Run ‘N Jump Chronicles 2: Heiankyo Alien

In the process of researching the history of platform games, I heard from a few people (and saw a few outside references) who cited Heiankyo Alien as a formative platformer. If you’ve heard of Heiankyo Alien, it’s probably because of the Game Boy version that came to the U.S. in the early ’90s. But in fact, it first appeared more than a decade before that as a computer game (1979) and arcade conversion (1980) created at the University of Tokyo, of all places.

But, honestly, I don’t see it. Heiankyo Alien is a top-down maze title that involves creating holes to trap aliens. You don’t jump, you don’t climb.

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Still, I guess can see where the claim is coming from if I squint hard enough. The chase-and-trap objectives of Heiankyo Alien became pretty popular in the coming years with games that were platformers: Space Panic, Lode Runner, Mr. Do’s Castle, and others. And I suppose you could make the case that the pit-digging action demonstrated an early, raw awareness of the plane of the player’s action and breaking beyond it. By trapping aliens, you’re putting them “beneath” the ground. Platformers would revolve largely around the relationship between characters and the surfaces on which they travel, so this could be treated as a tentative first step toward the birth of a genre.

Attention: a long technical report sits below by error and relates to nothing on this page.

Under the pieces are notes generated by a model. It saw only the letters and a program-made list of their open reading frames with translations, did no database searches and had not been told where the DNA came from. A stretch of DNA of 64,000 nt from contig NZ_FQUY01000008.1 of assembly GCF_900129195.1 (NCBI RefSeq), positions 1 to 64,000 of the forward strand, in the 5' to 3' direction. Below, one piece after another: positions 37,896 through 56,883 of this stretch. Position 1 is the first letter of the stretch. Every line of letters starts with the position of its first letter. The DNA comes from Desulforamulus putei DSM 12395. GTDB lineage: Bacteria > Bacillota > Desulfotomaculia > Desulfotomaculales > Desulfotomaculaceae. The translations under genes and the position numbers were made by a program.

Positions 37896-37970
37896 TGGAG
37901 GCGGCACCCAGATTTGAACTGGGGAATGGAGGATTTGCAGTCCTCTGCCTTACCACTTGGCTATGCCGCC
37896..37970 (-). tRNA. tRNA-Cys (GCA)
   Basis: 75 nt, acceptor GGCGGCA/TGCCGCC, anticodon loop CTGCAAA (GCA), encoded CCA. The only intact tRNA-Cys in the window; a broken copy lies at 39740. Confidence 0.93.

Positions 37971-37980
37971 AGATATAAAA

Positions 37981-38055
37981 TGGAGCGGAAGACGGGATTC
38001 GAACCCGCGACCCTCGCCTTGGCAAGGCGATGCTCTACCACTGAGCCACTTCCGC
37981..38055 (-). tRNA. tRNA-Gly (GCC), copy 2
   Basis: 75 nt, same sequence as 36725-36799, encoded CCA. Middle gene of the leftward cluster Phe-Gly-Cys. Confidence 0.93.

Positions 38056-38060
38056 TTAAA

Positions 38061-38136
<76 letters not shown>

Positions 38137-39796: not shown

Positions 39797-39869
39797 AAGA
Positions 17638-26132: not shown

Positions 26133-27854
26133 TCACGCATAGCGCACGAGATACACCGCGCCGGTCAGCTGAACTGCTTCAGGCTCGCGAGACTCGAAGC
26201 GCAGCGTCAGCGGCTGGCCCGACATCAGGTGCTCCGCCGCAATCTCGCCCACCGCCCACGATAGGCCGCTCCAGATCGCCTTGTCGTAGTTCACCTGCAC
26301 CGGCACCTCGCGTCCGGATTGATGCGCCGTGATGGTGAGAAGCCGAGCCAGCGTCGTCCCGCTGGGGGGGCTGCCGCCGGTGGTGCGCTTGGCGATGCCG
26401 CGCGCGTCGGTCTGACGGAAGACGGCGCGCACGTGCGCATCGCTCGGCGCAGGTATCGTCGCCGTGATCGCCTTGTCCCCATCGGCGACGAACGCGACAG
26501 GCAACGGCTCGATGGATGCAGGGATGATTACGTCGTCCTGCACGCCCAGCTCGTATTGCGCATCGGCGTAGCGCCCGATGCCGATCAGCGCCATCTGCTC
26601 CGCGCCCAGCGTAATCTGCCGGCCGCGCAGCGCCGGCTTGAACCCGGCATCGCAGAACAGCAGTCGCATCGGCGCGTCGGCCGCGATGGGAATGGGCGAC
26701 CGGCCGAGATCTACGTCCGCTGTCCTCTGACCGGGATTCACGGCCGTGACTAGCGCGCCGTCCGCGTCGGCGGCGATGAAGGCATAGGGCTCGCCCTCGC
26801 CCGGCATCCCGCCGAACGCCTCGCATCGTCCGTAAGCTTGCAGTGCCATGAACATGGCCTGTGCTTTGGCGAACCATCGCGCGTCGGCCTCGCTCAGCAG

But yeah, not really.

4 thoughts on “Run ‘N Jump Chronicles 2: Heiankyo Alien

  1. This game was kind of barfy, and yes, it’s a concept that works a lot better from the side. However, it did give us Cratermaze and Booby Kids, which were both fairly entertaining games. Also, the advertisement for the GameBoy version of Heiankyo Alien ranks among my favorites, featuring a samurai bashing a grotesque yokai-style alien with a shovel, as he’s begin eaten by him.

    • BEING eaten. Ugh, how do I miss these things! My kingdom for an edit button!

  2. You know if your looking for pre Donkey Kong platformers there really isn’t a lot. Some people say Space Panic was the first. But It didn’t have jumping. I think Donkey Kong may have been the first platformer with jumping, at least according to Wikipedia. Another platformer that really paved the way to modern platformers is 1982’s Jungle Hunt. Had running, jumping, swinging and even underwater swimming levels. I greatly enjoyed that game back in the day.

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